Jonathan Santillan showed little emotion as the Wake County courtroom clerk read aloud guilty verdict after guilty verdict on Friday afternoon.
The teen had been on trial for the past two weeks, accused of murdering Jose S. Flores Mendoza and his wife, Maria Saravia Mendoza, in a case that offered a glimpse of gang rivalries in the Garner area.
As the clerk read out that the jury had found him guilty of the most serious charge – first-degree murder – Santillan, 18, took a sip from the polystyrene cup in front of him.
Members of his family showed more emotion in the back of the courtroom, quietly crying and wiping away tears as Judge Paul Gessner spent a few minutes talking with jury members before he released them.
Throughout the trial, Wake County Assistant District Attorney David Saacks and the witnesses he called offered descriptions in Spanish and English of a gruesome crime scene.
Jose Mendoza was shot 16 times while wrapped in a blanket in his living room, watching TV and eating a late-night meal. Both Mendozas worked at a Golden Corral restaurant in Wake County. He had worked the late shift and dropped off a co-worker about 11:45 p.m. on Jan. 4, 2013, before heading to his house.
Saacks said Maria Mendoza was found shot seven times at her kitchen stove, where she had been cooking.
Investigators estimate that at least 40 shots were fired after midnight into the Mendoza family’s duplex on Colonial Drive near Garner. Some of the gunfire, according to a neighbor in the unit next door, went through an adjoining wall.
Jurors were shown photos from the bloody scene. They heard about an earlier gang fight that investigators said led Santillan and two others to the Colonial Drive address, where they thought a rival gang member lived. But that person had moved out earlier, and the Mendozas were unintended targets.
A second teen accused in the shootings, Israel Vasquez, is awaiting trial on first-degree murder charges.
Witnesses testified about seeing the younger son of the Mendozas, who was just 3 at the time, curled up on his father’s body and crying after the gunfire subsided.
“Cases such as this are very difficult,” Gessner told the jurors. “It’s normal to be affected by these things, and people sometimes find comfort talking to folks to talk through the issues.”
Though the jurors no longer were prohibited from talking with others about the case, they left the courthouse Friday without explaining how they had come to the guilty verdicts.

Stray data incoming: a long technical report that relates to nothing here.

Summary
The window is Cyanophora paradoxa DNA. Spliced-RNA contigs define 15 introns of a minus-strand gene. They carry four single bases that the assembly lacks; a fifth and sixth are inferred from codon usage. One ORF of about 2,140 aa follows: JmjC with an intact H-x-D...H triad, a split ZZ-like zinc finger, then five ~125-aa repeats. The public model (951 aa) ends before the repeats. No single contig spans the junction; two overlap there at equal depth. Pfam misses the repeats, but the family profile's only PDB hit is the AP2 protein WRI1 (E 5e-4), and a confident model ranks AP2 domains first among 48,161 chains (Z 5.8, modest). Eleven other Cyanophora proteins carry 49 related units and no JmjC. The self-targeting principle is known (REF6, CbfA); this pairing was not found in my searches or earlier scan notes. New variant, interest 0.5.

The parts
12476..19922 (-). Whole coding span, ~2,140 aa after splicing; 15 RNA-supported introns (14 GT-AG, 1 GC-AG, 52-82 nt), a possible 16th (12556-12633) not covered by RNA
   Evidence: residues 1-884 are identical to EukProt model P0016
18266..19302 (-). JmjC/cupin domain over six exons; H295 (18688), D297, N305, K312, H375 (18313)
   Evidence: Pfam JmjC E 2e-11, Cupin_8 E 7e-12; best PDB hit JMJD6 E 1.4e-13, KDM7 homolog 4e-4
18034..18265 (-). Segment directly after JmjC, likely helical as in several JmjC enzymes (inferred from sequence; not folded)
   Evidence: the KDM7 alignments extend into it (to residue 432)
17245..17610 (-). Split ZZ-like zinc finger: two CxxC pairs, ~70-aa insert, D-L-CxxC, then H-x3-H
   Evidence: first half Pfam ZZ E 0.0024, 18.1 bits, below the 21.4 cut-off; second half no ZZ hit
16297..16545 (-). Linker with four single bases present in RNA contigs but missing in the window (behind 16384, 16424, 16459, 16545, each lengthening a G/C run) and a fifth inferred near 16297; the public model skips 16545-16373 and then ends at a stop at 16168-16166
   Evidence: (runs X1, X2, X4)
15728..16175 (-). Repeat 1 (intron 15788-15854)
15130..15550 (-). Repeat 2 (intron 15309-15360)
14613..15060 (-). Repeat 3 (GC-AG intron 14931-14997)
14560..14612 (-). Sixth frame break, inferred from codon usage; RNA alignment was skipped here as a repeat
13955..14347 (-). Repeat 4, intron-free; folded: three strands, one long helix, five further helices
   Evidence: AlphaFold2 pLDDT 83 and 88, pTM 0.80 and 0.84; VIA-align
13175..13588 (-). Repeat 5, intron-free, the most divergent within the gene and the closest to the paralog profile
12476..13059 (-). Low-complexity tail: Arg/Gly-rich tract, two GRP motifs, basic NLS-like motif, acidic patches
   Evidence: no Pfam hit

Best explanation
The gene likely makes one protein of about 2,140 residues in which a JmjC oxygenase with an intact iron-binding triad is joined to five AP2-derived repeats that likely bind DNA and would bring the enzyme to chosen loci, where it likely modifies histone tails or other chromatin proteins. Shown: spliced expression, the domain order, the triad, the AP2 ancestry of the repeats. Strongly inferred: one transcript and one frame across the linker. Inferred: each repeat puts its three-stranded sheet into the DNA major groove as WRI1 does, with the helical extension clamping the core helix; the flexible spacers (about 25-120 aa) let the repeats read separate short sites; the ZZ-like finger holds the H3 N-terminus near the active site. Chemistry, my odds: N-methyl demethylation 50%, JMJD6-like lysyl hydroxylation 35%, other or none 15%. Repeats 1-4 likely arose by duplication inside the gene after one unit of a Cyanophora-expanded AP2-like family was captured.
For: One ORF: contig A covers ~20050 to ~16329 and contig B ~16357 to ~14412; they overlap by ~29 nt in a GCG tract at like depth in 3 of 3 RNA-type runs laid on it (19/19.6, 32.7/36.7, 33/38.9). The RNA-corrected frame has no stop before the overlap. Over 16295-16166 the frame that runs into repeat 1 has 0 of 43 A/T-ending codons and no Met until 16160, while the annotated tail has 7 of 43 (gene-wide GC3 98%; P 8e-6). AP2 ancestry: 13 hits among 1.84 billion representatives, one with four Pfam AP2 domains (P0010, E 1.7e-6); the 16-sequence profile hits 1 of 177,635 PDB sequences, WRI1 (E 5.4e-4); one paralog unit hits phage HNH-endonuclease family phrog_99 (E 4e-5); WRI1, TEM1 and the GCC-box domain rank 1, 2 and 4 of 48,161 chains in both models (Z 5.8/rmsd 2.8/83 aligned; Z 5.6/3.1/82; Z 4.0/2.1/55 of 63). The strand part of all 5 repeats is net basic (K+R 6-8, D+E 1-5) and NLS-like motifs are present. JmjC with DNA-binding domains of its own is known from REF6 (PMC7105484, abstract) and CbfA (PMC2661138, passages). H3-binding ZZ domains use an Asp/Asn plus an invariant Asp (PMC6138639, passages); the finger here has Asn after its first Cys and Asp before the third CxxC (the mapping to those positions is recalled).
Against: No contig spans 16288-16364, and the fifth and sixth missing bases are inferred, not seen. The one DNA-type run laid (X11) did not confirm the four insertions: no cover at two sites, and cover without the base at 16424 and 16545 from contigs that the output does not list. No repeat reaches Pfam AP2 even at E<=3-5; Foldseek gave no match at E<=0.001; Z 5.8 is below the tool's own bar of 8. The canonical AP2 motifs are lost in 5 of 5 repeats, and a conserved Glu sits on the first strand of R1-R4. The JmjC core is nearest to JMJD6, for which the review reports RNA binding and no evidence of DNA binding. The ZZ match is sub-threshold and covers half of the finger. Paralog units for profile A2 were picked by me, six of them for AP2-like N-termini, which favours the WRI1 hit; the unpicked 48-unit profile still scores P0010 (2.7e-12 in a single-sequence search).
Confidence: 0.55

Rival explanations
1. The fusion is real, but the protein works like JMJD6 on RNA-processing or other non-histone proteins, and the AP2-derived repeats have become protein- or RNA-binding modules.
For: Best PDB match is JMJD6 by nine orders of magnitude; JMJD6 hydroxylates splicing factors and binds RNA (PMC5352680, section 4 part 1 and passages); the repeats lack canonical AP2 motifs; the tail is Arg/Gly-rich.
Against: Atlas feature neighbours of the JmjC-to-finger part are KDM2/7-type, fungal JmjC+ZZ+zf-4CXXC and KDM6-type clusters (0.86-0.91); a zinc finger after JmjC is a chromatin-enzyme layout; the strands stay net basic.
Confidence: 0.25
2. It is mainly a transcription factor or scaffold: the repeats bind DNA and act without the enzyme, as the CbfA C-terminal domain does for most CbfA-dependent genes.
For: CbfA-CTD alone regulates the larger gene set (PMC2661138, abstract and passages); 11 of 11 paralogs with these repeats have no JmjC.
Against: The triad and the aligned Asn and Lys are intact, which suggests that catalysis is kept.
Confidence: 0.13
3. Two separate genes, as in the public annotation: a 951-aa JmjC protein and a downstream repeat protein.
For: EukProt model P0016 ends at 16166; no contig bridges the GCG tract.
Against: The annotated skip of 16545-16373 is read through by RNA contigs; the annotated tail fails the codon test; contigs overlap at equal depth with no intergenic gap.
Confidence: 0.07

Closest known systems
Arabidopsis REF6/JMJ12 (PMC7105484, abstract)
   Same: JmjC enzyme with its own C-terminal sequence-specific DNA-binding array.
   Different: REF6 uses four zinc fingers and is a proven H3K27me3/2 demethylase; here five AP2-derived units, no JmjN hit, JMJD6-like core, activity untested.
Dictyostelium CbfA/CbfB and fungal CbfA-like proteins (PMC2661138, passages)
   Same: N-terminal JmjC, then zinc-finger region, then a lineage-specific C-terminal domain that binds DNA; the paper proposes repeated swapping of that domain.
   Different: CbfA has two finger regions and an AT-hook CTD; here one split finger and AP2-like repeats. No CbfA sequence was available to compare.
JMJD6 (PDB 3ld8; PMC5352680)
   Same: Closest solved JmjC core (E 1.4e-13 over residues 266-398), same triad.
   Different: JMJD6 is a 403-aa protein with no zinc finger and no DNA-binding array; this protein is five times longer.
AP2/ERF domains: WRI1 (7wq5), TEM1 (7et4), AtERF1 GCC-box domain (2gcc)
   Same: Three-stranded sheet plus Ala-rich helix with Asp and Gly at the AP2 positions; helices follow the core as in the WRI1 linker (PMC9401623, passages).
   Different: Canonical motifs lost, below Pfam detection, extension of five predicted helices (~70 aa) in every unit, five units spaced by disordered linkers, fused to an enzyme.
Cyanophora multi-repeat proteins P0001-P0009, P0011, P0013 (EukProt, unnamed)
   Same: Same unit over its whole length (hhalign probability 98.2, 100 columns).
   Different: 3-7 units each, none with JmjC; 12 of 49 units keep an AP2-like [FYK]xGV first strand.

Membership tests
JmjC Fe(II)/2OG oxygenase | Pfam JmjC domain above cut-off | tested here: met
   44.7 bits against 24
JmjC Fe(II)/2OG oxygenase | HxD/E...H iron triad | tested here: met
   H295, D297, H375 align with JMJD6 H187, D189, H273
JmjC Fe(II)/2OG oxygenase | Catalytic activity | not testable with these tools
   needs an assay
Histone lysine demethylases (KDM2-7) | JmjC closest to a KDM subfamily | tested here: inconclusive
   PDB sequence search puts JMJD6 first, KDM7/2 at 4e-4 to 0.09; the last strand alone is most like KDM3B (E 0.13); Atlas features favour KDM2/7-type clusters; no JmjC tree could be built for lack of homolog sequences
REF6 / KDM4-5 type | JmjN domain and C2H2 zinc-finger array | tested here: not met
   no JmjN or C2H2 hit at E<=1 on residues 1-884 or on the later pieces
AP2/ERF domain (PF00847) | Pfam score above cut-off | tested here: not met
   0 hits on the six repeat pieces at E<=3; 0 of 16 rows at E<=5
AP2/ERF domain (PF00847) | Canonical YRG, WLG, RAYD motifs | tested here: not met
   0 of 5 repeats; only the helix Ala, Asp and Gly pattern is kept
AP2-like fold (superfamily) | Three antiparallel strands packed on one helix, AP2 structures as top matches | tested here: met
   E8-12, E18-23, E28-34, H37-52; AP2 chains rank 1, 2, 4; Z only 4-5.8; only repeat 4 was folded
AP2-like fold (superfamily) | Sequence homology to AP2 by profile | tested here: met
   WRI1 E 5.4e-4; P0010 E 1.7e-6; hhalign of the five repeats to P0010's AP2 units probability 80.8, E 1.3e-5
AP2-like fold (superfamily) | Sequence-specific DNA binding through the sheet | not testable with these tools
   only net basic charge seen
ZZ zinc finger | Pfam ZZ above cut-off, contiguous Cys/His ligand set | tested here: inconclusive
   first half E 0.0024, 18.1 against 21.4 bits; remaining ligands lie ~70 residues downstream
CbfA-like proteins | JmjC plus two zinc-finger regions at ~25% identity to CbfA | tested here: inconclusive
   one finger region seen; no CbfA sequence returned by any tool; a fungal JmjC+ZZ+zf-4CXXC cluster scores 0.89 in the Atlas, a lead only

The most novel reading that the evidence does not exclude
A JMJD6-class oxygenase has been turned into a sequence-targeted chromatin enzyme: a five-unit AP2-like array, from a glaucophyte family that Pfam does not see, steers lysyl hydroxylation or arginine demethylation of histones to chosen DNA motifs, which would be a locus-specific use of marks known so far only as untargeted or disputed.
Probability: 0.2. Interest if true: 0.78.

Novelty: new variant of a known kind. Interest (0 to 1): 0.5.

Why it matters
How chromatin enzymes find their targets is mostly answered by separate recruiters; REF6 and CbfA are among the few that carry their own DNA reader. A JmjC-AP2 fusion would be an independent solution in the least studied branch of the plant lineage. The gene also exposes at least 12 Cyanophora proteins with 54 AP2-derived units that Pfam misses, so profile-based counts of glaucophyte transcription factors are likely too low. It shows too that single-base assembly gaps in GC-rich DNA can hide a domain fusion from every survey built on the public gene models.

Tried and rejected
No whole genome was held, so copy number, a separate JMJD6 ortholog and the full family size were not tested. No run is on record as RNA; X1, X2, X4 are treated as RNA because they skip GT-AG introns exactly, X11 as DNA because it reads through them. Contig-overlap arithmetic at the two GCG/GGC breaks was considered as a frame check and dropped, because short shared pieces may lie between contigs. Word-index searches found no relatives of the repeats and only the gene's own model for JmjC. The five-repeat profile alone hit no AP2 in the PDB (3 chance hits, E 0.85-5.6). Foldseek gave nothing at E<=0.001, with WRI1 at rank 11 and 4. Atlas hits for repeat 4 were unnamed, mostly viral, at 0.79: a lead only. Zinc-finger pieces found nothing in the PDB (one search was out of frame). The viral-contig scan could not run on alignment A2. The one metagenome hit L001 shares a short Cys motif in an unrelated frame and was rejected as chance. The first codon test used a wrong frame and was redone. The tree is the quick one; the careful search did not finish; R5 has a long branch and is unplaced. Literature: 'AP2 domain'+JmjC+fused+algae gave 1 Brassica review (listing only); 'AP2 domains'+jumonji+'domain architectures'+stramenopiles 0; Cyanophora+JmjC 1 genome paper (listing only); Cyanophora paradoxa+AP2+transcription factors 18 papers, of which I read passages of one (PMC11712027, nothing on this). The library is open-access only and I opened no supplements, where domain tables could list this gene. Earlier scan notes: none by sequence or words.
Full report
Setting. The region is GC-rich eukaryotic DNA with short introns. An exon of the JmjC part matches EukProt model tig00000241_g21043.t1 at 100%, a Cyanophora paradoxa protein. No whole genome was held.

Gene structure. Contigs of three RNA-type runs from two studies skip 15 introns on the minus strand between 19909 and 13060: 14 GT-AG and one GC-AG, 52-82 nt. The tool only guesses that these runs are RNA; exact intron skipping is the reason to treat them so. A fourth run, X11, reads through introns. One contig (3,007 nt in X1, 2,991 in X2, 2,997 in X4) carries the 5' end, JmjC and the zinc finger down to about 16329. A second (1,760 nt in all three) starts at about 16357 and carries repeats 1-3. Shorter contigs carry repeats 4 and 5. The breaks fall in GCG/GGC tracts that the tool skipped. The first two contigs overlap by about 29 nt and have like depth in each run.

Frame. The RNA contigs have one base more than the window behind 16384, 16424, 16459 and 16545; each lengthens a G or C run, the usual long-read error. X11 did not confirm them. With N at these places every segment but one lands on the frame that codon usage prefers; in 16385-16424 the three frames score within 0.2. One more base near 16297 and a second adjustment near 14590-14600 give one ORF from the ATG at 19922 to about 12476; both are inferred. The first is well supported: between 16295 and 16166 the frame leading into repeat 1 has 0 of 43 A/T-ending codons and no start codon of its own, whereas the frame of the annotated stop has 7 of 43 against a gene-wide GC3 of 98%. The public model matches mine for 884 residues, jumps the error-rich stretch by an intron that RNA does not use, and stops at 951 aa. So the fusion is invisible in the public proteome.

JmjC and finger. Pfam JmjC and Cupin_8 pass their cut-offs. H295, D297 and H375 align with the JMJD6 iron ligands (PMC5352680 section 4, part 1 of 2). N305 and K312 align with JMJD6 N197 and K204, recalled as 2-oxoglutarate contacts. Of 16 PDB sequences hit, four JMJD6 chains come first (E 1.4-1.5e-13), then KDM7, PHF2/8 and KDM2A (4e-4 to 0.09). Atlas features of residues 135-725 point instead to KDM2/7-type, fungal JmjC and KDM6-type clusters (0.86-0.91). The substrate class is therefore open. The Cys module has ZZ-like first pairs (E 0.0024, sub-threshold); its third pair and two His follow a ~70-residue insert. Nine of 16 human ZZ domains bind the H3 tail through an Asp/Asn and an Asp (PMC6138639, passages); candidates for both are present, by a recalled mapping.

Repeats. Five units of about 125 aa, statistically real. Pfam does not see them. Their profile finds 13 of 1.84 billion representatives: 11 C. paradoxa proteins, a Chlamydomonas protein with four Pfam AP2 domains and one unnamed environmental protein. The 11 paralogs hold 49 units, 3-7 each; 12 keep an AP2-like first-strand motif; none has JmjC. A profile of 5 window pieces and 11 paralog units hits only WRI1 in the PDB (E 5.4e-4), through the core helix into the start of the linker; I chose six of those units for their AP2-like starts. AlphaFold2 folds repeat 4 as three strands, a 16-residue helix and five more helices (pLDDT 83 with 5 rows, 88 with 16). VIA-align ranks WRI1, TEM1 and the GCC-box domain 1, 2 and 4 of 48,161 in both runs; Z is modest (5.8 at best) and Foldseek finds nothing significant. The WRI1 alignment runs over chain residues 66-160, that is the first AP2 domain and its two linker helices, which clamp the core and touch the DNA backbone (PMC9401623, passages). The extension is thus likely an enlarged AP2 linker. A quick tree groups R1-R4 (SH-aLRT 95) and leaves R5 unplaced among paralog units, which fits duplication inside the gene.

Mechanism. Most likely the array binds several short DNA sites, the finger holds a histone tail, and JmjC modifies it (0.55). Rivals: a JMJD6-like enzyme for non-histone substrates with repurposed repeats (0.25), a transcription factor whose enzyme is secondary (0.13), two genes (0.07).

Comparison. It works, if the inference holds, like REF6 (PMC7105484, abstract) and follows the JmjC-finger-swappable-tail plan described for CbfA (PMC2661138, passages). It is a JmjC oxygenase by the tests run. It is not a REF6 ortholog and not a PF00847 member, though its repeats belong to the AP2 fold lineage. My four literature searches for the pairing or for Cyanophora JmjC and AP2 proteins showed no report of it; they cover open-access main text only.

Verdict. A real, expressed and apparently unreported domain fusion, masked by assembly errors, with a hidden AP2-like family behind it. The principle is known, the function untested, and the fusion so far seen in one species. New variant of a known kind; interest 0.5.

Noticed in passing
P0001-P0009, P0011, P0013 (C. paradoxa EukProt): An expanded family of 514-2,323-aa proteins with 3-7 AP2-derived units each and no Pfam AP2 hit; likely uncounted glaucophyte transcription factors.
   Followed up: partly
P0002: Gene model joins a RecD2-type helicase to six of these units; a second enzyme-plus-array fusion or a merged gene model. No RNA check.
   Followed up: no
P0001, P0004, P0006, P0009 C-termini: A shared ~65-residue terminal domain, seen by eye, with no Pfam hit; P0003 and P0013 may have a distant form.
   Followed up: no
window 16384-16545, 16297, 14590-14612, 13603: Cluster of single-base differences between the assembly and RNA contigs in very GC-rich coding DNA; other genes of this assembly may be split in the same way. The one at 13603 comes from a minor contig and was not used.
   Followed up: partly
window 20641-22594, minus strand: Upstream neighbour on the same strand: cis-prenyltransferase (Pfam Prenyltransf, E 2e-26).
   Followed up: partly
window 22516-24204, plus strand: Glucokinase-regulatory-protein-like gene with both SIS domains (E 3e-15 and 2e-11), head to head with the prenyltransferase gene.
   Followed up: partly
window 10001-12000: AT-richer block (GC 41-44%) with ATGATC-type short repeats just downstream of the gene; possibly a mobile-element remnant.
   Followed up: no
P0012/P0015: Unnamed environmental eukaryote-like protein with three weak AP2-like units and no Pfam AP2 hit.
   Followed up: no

Cutler, who did not call any witnesses in his defense of Santillan, had argued for acquittal. He said the key witness for prosecutors, a 21-year-old who claimed to be the getaway driver, had lied on the witness stand to cover up his role in the killings.
Saacks acknowledged that his key witness had a credibility problem, but the prosecutor was quick to point out that investigators found the murder weapons in the attic where Santillan was hiding on the day of his arrest.
Saacks also noted that Santillan provided investigators with a drawing of the inside of the Mendoza home during a prolonged interrogation shortly after his arrest. Though Santillan told investigators that he had not gone to Colonial Drive but had only heard about the shooting from the man who claimed to be the driver, his sketch nearly matched a floor plan of the duplex.
During their deliberations Friday, jurors asked to see the floor plan again.
They spent about an hour and a half behind closed doors together Thursday. On Friday, they started deliberating again at noon. At about 2:45 p.m. came the rap at the jury room door that signaled the end of one phase of the trial.
In addition to the two counts of first-degree murder, Santillan was convicted of burglary, conspiracy to commit burglary, possession of a firearm with an altered serial number, and assault with a deadly weapon with intent to inflict serious injury, for his role in the December gang fight.
On Tuesday, the judge will begin the sentencing phase. Because Santillan was only 15 at the time of the murders, the law excludes capital punishment as an option.
At Tuesday’s sentencing hearing, the judge will consider evidence for and against a sentence of life without possibility for parole or something less.
The U.S. Supreme Court ruled in 2012 that an automatic sentence of life without possibility of parole for people who were younger than 18 when the murder they were convicted of occurred was “cruel and unusual punishment” and a violation of the Eighth Amendment.
Teens, as many in the juvenile justice system point out, do not have fully developed brains, causing some to be at risk for a lack of impulse control. North Carolina and other states were forced to change laws because of that ruling.
In North Carolina, a judge in such cases now must hold a sentencing hearing to consider mitigating factors before issuing a life sentence with no possibility for parole.
On Friday, prosecutors said they planned to share statements from family members of the victims, who will talk about the impact of the crime. Jacob, now 6, and the Mendozas’ older son, Jorge, now 15, lost their parents on that cold January morning.
Maria Mendoza’s brother and sister care for the boys now. Jorge had been spending the night at his uncle’s home the night of the murders.
Cutler said he would spend the coming days reviewing what the defense will present at the sentencing hearing.
Gessner said Friday that the Santillan case will be the first teen murder verdict he has considered since the U.S. Supreme Court ruling.